Soldier’s US trial for Los Santos slaying delayed as DR rejects such procedures

Family of 25-year-old law student Vanesa Rodríguez demand justice for her slaying. Photo by Eric Jackson.
Family of 25-year-old law student Vanesa Rodríguez demand justice for her slaying. Photo by Eric Jackson.

As a Fort Bragg court-martial is delayed until next year, the Dominican Republic strikes down their country’s similar Status of Forces Agreement that shields “War on Drugs” soldiers from the jurisdiction of Dominican courts

“Drug Warrior” trial put off

by Eric Jackson

The US military prosecutors’ theory is that Master Sergeant Omar Velez murdered Vanesa Rodríguez but it wasn’t premeditated. Velez’s defense lawyers are arguing that the woman’s death at a Panamanian National Police training site in Los Santos was an accident. If Panamanian prosecutors have a theory about what happened, they aren’t saying: the official position is that this crime is none of their business.

The arguments about what happened and what to call it will happen sometime next year in North Carolina. On September 28 in a military courtroom on Fort Bragg a series of pretrial motions made by the defense were heard. One of the defense requests was to delay the trial until next March and as the prosecutors did not object the military judge, Colonel Christopher T. Fredrikson, granted that postponement.

The motions that ought to be the most politically controversial, but probably won’t be, were attempts to suppress evidence taken in a search of Velez’s Panama apartment and from the taking and testing of blood and urine samples from the soldier. It’s about wheher this “War on Drugs” operative, assigned to the US Army Security Assistance Training Management Organization and sent to Panama to train police officers to be soldiers who carry out US anti-drug policies, was himself under the dangerous influence of steroids at the time. Steroids are and have been a major problem in the US Armed Forces and information about the extent of it is often suppressed by the military itself or by the politicians who give them their orders because it’s embarrissing and could have some far-reaching legal consequences. At Velez’s initial booking steroids did not enter into the story, by a US Army magistrate issued warrant to search Master Sergeant Velez’s quarters in Panama, and because steroids were found, issued a warrant for the drug testing. (At about the same time The Panama News raised the steroids issue, because photos of the soldier suggested that and because friends of the slain woman told this reporter that Velez used steroids.) Velez is charged with second degree murder, aggravated assault, adultery, obstruction of justice, possession of steroids and use of steroids. He could get life in prison. The judge did not rule on the defense motions to suppress the steroids evidence. If he rules in favor of the defense on those points it would remove the steroids charges from the case.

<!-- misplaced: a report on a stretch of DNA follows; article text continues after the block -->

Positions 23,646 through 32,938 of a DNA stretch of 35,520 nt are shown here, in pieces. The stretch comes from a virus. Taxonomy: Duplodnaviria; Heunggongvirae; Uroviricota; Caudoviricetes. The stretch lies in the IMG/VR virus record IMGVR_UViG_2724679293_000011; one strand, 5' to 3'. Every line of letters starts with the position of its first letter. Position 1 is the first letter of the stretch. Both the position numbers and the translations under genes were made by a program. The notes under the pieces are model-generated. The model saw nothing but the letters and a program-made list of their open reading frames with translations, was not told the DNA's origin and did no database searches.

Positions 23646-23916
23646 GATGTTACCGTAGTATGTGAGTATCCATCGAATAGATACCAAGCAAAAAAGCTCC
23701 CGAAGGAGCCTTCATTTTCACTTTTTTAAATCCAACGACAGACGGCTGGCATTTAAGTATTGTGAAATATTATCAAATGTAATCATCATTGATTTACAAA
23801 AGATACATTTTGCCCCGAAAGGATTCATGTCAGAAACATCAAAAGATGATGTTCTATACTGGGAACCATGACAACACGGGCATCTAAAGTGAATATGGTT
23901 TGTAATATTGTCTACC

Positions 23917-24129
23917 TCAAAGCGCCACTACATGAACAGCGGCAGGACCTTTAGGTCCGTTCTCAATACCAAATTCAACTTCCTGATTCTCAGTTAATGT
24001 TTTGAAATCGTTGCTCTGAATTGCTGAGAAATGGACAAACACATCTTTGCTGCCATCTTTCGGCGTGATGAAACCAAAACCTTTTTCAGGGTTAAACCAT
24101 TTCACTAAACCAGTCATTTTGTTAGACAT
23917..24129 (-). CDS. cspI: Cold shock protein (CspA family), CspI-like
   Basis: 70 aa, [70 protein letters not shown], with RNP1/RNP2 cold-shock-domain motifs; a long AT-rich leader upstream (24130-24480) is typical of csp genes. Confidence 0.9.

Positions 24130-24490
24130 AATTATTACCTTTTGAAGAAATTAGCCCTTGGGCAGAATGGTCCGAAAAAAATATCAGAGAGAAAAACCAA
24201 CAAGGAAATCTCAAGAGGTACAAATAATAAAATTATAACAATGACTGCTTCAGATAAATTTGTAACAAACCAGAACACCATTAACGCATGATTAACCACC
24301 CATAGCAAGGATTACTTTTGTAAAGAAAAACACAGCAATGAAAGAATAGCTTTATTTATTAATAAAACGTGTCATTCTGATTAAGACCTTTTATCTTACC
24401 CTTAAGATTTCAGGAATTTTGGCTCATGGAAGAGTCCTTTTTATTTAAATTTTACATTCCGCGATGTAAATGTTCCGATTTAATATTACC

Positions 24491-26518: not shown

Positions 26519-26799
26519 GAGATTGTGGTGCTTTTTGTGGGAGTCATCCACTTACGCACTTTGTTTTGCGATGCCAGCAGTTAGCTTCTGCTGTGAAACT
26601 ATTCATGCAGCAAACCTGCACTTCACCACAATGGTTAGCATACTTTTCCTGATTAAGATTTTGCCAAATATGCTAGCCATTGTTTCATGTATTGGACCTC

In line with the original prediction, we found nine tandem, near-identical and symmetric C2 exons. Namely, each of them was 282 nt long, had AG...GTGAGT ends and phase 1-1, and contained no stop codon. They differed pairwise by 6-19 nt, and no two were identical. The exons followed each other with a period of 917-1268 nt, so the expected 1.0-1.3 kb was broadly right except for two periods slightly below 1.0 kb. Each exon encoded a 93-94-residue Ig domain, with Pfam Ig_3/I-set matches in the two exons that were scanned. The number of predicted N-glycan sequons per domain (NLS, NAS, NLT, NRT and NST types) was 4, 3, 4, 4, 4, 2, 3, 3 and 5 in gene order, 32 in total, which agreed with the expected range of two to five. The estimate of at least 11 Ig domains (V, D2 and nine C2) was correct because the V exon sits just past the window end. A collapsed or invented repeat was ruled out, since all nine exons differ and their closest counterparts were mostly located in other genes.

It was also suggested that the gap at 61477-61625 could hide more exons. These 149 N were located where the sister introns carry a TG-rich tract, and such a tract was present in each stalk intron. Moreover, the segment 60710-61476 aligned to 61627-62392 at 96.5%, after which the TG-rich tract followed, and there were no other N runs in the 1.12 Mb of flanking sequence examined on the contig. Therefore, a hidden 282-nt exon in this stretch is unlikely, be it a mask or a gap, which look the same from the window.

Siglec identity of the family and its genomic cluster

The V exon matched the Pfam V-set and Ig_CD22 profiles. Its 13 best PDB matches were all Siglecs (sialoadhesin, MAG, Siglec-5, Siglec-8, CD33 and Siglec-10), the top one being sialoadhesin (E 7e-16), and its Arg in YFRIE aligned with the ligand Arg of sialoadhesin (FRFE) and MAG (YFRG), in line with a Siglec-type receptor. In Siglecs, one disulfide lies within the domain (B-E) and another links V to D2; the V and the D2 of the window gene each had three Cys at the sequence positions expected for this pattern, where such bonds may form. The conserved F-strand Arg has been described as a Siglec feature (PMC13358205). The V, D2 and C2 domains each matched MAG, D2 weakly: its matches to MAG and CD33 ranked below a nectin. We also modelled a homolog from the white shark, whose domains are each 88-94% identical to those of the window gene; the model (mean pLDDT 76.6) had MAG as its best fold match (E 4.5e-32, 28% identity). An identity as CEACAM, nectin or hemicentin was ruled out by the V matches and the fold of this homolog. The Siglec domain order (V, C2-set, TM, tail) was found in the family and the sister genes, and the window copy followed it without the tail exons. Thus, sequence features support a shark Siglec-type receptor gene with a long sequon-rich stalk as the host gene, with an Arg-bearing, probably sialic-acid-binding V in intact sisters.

Were the case to have been tried here, there probably would not have an instant decision like that of the US authorities to declare the crime unpremeditated. Certainly a “roid rage” theory of the crime would suggest a murder arising from a sudden emotional outburst. However, Velez was in Los Santos training National Police lince units — the cops on the motorcycles with automatic weapons — and called Rodríguez to come from Panama City, where she lived and studied law at the University of Panama, to visit him in Los Santos. He killed her there, near a National Police training facility on the Guarare River. He was in the process of burying the body when he was detected and arrested by some of the police officers he had been training. That Velez called Rodríguez to the place where he killed her might suggest premeditation.

However, Velez was quickly surrendered to the US Embassy by Panamanian authorities pursuant to a secret Status of Forces Agreement (SOFA) made between the Martín Torrijos and George W. Bush administration. This agreement, which is not a treaty that was presented to either the US Senate or the Panamanian National Assembly for ratification, provides that US military personnel sent to Panama on training missions get diplomatic immunity.

On the same day that Velez was in court, in the Dominican Republic that country’s Constitutional Tribunal struck down a SOFA that gave diplomatic immunity not only to US “War on Drugs” military personnel but also to civilian mercenaries such as people from DyncCorp or Blackwater/Xe. That SOFA also gives diplomatic cover for American military and civilian personnel who come to the DR on disaster relief missions.

The Dominican court’s decision was unanimous. All 12 judges agreed that the SOFA is “a violation of national sovereignty and, consequently, the Dominican state.” So far neither the US nor the Dominican administrations have commented on the decision. SOFAs are well nigh ubiquitous wherever American soldiers go. However, they are increasingly controversial in the world, particularly because the US justice system has usually neither sought nor done justice for cases of torture or other serious violations of international law. Although a limited number have since returned for special operations against the Islamic State, US troops were withdrawn from Iraq when the government of that country refused to sign a SOFA providing immunity to US troops.

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